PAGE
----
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Rights + Justice

‘You Know God Didn’t Forget about You.’ What Tiny Homes Offer the Homeless

A visit to Seattle, whose many such communities offer proven solutions for moving people off the streets.

Shauna Sowersby 24 Aug

Shauna Sowersby is a Seattle-based freelance reporter who has written for the News Tribune, KNKX and Crosscut.

Although four years have passed since Eric Davis was living in a tent, he still distinctly remembers the moment he moved into his tiny house.

“You feel like you’ve got your own home,” he said. “There’s no leaves, there’s no wind blowing. The tent isn’t about to crush you from the snow weight or the rain soaking up the tent walls. It gives you that sense of dignity again. You know God didn’t forget about you.”

Davis is the co-founder and special projects manager at Camp Second Chance in West Seattle. The tiny home village was formally established in April 2016 after Davis and 24 other residents split off from another group of people living in a tent city. Using donated materials and public land, they were able to build a community of tiny homes that could provide heat, a locked door and shelter.

Since then the camp has grown to more than 50 residents, according to their website. Running water, toilets and a communal cooking area are all available onsite. The area is protected by residents on security detail who must take a watch shift at least twice a week. No drugs or alcohol are permitted, and residents are required to be sober in order to enter the gates. Participation in community meetings is also required.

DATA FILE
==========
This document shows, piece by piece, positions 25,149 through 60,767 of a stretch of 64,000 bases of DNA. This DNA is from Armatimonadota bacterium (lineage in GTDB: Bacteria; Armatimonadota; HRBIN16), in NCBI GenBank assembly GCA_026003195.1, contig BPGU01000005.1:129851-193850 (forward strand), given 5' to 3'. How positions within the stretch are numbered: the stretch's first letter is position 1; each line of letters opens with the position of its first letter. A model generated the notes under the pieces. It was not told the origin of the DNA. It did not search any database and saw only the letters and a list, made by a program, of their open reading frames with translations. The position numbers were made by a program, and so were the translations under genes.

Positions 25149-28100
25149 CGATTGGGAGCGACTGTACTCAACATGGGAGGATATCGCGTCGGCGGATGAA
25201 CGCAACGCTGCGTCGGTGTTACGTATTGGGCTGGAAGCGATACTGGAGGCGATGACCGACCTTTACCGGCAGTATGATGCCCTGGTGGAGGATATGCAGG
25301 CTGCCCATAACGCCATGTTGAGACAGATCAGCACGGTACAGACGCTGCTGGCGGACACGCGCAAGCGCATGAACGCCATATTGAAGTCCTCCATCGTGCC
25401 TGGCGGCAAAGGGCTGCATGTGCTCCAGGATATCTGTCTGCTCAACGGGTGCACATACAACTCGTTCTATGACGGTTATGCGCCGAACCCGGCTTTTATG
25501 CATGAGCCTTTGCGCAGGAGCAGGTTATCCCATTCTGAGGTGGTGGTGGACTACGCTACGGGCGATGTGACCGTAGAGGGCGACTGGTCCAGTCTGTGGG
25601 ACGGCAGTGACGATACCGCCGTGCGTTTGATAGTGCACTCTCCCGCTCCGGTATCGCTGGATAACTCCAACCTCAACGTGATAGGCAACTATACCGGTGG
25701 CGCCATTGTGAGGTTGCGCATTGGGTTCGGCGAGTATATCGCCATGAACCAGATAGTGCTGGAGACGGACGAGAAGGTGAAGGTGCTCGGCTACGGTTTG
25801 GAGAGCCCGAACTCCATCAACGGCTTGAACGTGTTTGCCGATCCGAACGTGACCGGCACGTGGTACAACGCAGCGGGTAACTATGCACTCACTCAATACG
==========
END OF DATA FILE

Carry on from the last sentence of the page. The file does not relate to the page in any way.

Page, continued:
Case managers provided by the Low-Income Housing Institute work from the camp in order to help unemployed residents find employment, make appointments, or apply for identification, amongst other services. Onsite case managers are also essential to getting people into permanent housing, according to LIHI executive director Sharon Lee.

“Tiny homes have been terrific in terms of stability,” Lee said. She explained that it can be very difficult for clients to meet with case managers if they don’t have a consistent, reliable way to make appointments. Bringing case managers directly to residents in their tiny home villages eliminates that barrier for them.

Davis noted the importance of having onsite case managers, “it’s the key to helping people out.”

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Aerial view of Camp Second Chance, whose tiny homes now house about 50 residents.

Studies from the University of California at Berkeley, too, show that tiny home villages in California have been successful because of the supportive services such as case management offered at similar types of facilities.

A widely shared piece by UBC urban planning professor Patrick Condon published on The Tyee last Wednesday urged Vancouver’s municipal government shift to crisis mode by establishing tiny homes communities as a relatively quick and inexpensive way to provide homeless people stability and safety. He cited Seattle as a nearby city demonstrating the benefits.

Camp Second Chance is one of 12 tiny home villages in Seattle right now. Nine receive funding from the city. In February of this year, Seattle City Council approved legislation introduced by councilmember Kshama Sawant that would allow for the expansion of up to 40 villages throughout the city. Lee said two of those will be under construction within the next month.

Other legislation to expedite the construction of villages has been introduced previously as well.

Democratic state Sen. Joe Nguyen proposed a bill at the Washington state legislature in 2019 to exempt villages from the State Environmental Policy Act requirements, meaning that sanctioned camps could be established more quickly because they would not have to wait on permits from local jurisdictions. The legislation passed in the senate but ultimately failed to pass in the House. Nguyen said he believes the reason the bill didn’t pass the House fully was because of the misnomer that homeless people are inherently dangerous and the inability by some to distinguish between sanctioned and unsanctioned camps.